I am assuming the majority of the audience was just like me last Thursday night and had witnessed the hilariously crude comedy of Bridget Everett on Inside Amy Schumer. A Comedy Central program, Inside Amy Schumer is one of those sketch shows that I have had to binge watch in recent weeks, for fear of committing pop-cultural suicide if I didn’t complete all three seasons. If it wasn’t Schumer’s sketch show where Everett’s name had become synonymous with the outrageous, then perhaps it was a small scene in the abominable film, Sex and the City (Everett was conversely fantastic) or perhaps it was the more recent box office sensation, Trainwreck.
Whatever the platform, I’m assuming that the majority of the audience had booked because they were Everett fans. As a result of my preconceived ideas about the sort of comedy that would be served up, it would be fair to say I had reasonably high expectations of her show, appropriately entitled, Pound It. I’m pleased to say that this New York City broad did not disappoint.
Despite those audience members that made an exit half way through the show, heads bowed and handbags firmly clutched to their side (prudes I say), I would argue that Pound It was fantastic and that the audience loved it. Bridget Everett was everything I had hoped for, she was rambunctious; bold; colourful; unapologetic and proud.
Her costumes (and elaborate costume changes) were a highlight as were the outrageous and witty song lyrics. I found myself singing her song What I gotta do (to get that d… in my mouth) not only in the ladies bathroom after the show (appropriate) but all the way home (inappropriate). Oh boy, Everett’s tunes are incredibly catchy.
Her physical comedy was excellent and her voice and ability to manipulate it, also impressive. I will say that there wasn’t a huge variety in the songs and as breasts were being thrust into suspecting audience member’s faces, I began to think that Aussie cabaret performer of a similar ilk, Yana Alana, delivers an even better act.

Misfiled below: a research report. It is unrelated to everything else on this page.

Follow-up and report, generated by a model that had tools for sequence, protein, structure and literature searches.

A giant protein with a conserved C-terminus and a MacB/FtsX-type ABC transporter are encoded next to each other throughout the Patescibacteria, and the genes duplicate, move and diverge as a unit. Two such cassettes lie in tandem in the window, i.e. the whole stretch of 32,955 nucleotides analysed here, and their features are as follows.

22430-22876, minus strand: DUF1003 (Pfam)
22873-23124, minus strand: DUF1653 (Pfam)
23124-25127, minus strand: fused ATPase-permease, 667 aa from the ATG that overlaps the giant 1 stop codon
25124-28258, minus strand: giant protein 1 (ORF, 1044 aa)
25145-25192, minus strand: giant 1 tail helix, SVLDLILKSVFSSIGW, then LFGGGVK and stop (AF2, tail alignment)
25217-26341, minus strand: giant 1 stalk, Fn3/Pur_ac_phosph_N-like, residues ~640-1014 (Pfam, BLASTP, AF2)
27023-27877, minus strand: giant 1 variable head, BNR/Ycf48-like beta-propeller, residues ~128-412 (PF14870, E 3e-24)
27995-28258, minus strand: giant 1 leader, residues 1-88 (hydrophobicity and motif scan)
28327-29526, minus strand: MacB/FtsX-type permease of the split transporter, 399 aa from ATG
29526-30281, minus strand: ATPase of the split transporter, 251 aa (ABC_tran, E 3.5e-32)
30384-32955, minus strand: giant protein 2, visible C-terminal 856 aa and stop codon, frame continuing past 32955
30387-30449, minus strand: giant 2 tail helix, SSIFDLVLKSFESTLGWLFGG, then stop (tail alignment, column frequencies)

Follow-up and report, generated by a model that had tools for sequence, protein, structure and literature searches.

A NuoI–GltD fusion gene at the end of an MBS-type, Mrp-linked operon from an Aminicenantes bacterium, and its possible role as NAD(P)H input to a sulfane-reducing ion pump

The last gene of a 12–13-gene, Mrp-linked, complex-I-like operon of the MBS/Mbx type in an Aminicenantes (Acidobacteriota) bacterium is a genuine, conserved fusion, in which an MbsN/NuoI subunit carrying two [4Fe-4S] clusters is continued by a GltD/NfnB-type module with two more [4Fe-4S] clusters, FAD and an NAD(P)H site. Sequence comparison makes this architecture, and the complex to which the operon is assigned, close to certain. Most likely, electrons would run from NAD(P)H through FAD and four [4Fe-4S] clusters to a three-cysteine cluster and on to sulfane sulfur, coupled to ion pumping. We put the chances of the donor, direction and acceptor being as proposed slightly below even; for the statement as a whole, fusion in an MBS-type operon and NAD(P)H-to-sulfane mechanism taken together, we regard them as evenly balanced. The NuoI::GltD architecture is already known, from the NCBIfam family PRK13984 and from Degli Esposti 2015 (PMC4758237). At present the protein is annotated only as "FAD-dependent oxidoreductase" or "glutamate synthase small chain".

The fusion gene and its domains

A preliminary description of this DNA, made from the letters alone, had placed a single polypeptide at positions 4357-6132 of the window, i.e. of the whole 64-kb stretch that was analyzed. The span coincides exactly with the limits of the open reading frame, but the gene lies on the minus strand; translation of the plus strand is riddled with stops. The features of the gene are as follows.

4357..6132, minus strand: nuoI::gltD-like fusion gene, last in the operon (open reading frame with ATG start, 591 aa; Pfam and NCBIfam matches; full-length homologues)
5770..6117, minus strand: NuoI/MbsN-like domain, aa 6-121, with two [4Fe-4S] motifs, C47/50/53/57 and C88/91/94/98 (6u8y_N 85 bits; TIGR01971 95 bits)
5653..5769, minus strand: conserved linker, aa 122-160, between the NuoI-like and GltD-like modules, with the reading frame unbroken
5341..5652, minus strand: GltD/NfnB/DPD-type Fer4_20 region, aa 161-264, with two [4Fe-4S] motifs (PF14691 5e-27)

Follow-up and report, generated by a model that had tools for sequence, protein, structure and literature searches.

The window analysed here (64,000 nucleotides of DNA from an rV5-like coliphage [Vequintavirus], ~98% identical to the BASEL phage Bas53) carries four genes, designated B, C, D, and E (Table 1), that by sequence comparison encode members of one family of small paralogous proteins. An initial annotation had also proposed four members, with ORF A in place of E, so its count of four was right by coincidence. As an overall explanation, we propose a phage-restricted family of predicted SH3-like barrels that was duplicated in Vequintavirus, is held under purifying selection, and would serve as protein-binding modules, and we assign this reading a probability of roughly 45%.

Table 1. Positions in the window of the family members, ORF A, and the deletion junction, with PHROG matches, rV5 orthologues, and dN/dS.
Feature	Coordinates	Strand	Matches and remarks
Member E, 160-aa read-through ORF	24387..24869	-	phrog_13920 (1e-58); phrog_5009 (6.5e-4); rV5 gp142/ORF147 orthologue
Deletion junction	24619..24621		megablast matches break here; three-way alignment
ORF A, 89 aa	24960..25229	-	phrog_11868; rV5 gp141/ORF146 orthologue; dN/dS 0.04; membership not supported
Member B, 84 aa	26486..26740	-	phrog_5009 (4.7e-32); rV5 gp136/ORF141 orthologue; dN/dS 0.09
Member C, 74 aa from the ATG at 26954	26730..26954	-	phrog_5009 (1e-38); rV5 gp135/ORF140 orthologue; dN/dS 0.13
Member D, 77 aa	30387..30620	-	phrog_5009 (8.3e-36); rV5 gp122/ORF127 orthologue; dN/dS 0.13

With that said, Everett’s audience interaction was superb, making herself (and indeed her various womanly body parts) accessible even to the cheap seats at the back. For all of these reasons, Pound It is a must see at this year’s Melbourne International Comedy Festival. The only criticism I would have would be both the acoustic qualities of the venue and Everett’s relationship with the microphone which meant that I missed a lot of the lyrics and some of her gags. This of course, could mean I am going deaf but post-show discussion with my buddy indicated a consensus- she was difficult to hear at times. This was a shame as I had found myself on the edge of my seat wanting more.
I’d have to say, my lasting impression of the show was that it was overwhelmingly refreshing. She made me feel proud to be a woman and encouraged me to adopt a more unapologetic attitude which is what this new wave of successful female comics are advocating (among other non-gender related sensibilities of course). I hold the sense of wellbeing and confidence that Everett instilled in me directly responsible for the evening’s subsequent bar-hopping that didn’t finish until 5am on Good Friday morning.
My only regret on the night was that I didn’t sit in the front row. At 30 years of age, I would have liked to have added motor boating Bridget Everett to my personal list of milestones achieved.
Next time, I guess.